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CATALYST by ANNE MCCAFFREY & ELIZABETH ANN SCARBOROUGH, Excerpt

CATALYST by ANNE MCCAFFREY & ELIZABETH ANN SCARBOROUGH, Excerpt

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Enjoy this excerpt of Catalyst by Anne McCaffrey & Elizabeth Ann Scarborough, available wherever books are sold.

Pilot, engineer, doctor - ship's cat? Since the early days of interstellar travel, the so-called Barque Cats have become essential to the well-staffed space vessel. Assisted by humans - Cat Persons - with whom they share a deep and loving bond, the Barque Cats are responsible for keeping spacecraft free of vermin, for alerting crews to environmental hazards, and for acting as morale officers.
But a widespread epidemic affecting livestock on numerous planets throws the felines' future into doubt. Suddenly the galactic government announces a plan to impound and possibly destroy all exposed animals, including the Barque Cats. With the clock racing against them, a handful of very special kittens and their humans will join forces to save the Barque Cats, and quite possibly the universe as they know it, from total destruction.
Enjoy this excerpt of Catalyst by Anne McCaffrey & Elizabeth Ann Scarborough, available wherever books are sold.

Pilot, engineer, doctor - ship's cat? Since the early days of interstellar travel, the so-called Barque Cats have become essential to the well-staffed space vessel. Assisted by humans - Cat Persons - with whom they share a deep and loving bond, the Barque Cats are responsible for keeping spacecraft free of vermin, for alerting crews to environmental hazards, and for acting as morale officers.
But a widespread epidemic affecting livestock on numerous planets throws the felines' future into doubt. Suddenly the galactic government announces a plan to impound and possibly destroy all exposed animals, including the Barque Cats. With the clock racing against them, a handful of very special kittens and their humans will join forces to save the Barque Cats, and quite possibly the universe as they know it, from total destruction.

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Publish date: Dec 7, 2010
Added to Scribd: Dec 10, 2010
Copyright:Traditional Copyright: All rights reserved

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12/19/2015

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chips all the animals on Sherwood were required to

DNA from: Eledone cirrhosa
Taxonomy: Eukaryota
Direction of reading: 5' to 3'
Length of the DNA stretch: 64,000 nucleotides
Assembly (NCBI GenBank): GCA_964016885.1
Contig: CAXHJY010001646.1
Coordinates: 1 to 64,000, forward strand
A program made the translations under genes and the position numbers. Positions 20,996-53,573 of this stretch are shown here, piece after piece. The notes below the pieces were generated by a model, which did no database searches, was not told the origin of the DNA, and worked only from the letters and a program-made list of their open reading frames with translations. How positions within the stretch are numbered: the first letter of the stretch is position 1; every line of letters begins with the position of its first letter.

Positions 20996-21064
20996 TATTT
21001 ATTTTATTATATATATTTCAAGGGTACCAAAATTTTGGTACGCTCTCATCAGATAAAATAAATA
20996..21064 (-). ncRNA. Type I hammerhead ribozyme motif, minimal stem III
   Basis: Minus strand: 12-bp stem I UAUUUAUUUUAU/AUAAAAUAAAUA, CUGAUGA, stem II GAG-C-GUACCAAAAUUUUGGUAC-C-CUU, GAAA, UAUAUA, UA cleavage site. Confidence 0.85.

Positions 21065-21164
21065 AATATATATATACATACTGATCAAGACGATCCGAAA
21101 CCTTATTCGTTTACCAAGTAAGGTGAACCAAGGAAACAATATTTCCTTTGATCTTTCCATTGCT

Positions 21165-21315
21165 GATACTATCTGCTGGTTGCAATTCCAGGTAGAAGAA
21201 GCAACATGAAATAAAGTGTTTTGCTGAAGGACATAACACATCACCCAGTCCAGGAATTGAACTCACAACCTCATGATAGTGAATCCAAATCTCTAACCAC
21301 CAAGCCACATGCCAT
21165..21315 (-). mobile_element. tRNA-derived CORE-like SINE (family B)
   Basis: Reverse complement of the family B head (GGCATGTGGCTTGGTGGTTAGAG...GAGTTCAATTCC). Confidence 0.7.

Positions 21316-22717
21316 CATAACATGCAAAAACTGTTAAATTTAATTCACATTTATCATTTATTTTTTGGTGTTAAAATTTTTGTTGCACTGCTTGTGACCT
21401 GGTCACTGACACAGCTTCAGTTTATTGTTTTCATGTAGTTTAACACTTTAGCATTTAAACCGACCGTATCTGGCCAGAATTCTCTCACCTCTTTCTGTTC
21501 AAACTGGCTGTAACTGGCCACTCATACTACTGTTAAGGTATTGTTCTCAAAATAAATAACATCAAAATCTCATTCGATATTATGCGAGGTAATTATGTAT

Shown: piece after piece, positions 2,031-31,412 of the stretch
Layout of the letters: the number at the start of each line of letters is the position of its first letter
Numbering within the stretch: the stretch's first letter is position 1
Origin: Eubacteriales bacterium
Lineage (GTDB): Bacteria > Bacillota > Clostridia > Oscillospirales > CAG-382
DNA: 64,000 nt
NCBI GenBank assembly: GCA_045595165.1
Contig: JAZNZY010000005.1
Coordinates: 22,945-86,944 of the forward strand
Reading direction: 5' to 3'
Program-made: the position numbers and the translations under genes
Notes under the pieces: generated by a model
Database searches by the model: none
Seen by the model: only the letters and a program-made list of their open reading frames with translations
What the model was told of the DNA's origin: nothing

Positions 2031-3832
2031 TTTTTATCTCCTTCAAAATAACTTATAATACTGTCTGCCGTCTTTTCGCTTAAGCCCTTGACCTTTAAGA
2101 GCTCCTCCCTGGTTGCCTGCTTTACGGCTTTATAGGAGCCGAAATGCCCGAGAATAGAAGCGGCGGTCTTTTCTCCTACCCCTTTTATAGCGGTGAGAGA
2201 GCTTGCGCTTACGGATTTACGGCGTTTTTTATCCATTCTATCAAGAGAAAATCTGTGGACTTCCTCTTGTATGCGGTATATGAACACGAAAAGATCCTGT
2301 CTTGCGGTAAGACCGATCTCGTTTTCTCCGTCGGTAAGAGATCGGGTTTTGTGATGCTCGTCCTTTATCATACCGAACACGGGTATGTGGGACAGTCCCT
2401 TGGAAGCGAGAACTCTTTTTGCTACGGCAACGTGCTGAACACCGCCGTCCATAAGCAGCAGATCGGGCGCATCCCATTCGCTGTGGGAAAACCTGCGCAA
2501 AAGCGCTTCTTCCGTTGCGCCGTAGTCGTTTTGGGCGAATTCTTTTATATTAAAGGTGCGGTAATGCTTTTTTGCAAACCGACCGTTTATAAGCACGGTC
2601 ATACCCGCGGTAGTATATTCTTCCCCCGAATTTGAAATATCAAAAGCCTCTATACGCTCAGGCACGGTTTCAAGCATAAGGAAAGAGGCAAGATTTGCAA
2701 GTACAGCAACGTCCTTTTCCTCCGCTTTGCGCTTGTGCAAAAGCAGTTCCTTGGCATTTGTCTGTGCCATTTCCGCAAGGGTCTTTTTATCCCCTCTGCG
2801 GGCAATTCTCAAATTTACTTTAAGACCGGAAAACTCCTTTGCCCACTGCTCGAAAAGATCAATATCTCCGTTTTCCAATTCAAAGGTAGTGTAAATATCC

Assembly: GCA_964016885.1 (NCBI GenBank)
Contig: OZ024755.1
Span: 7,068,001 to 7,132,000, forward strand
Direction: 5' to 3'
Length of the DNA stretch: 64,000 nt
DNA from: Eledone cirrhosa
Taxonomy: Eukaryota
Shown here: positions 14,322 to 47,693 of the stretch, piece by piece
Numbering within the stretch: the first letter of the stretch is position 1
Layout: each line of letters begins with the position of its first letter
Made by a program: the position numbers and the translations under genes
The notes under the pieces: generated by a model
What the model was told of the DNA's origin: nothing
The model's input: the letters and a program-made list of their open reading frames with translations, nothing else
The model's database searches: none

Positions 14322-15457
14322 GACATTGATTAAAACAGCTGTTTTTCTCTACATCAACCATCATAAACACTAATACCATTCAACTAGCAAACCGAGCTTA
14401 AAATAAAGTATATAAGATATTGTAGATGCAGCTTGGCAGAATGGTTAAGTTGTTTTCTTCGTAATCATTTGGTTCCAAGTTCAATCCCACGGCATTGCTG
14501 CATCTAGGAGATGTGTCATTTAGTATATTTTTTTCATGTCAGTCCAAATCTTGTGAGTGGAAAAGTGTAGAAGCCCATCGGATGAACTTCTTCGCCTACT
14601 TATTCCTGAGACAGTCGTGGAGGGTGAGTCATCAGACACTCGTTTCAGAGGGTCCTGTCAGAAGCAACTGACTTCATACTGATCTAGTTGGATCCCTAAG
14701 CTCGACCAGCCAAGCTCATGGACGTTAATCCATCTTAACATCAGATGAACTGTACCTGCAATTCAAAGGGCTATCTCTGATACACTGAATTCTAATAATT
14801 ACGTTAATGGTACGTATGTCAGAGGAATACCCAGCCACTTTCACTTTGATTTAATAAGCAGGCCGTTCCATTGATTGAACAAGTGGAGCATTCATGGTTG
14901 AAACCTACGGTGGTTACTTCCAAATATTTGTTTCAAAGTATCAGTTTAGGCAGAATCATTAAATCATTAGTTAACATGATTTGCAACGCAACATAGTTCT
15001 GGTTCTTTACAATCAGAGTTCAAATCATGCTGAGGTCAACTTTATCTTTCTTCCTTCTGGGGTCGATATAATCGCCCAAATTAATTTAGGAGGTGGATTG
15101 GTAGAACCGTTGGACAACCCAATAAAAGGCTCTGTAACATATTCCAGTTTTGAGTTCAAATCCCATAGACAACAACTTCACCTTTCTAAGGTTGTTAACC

have. They had actually found a couple of badchips,
Janina said, though that was up to Jared to deal with,
not her.

“I’d better clear my absence with Captain Vesey,
Jared,” Janina said.
He handed her a phone. “I’ll just check the kennel
and put down the livers and fresh water for Chessie,
then,” he said with a grin, and backed out of the cu-
bicle.

Captain Vesey readily okayed the shore mission for
Janina and the vacation for Chessie.
Her kennel suite was large enough for a big dog. It
had a sleeping platform in one corner, well- lined with
soft comfy bedding, a drinking fountain that poured
a lovely private waterfall very nice for cooling a paw
in and pretending to fish, a tree stump for clawing,
and the bowl of rich brown chicken livers that
Chessie sniffed as Jared deposited them in the kennel.
She practically flung herself out of Janina’s arms to
get at the treat, and barely heard the click as Jared
turned on the security camera and speakers that
would allow her humans to check in on her at a dis-
tance. She was much too busy purring delightedly
over her meal. After all, she was eating for many.
When at last she was replete with chicken livers,
Chessie slept on her platform, happy to have nothing
expected of her for a change. While aboard the Molly
Daise, in addition to her usual workload, she had
searched the vessel from stem to stern, not for the
hazards or vermin she usually stalked, but for a likely
birthing nest where the kittens would be safe from
prying eyes, where she could do what she had done

CATALYST · 15

so many times before. Only once had she been able to
actually use her secret nest, and she was sorry after-
ward because Janina had become quite distraught
searching for her. Everyone wanted her birthings to
be observed, assisted, and otherwise interfered with.
Well- bred she might be, but by this time her phi-
losophy of raising kittens was to let the little bug-
gers grow and crawl and feed their tiny round
tummies. Once they were born, she intended to
feed the needs of her exhausted body with blissful
sleep. She thought she could sleep through any-
thing at this point. When she recalled the pleasure
she had enjoyed raising the first litter, the second,
the third, even the fourth, she purred. But now,
many litters later, the thrill was gone. Her crew
liked to brag about what a good mother she was,
but it made her tired just thinking of having more
kittens to bear, to wash, to carry until her jaws
ached. She would once more train them in their
jobs and their basic feline survival skills, then, just
as she was getting used to having them around,
she’d lose them when they were sold to other ships.
Never mind. She would miss them, but they would
be someone else’s problem. She opened her eyes a
slit, sighed, rearranged her paws, and fanned her
plumelike tail over them so its tip covered her nose.
As soon as the kits were gone, there’d be some new
tom thrust at her, giving her the same old song and
dance that meant, in time, more kittens.
That was all very well for toms. Theyonly had one
career, spending their time cruising their ships, hunt-
ing space vermin, snuggling with and cadging occa-
sional treats from crew members, and being called

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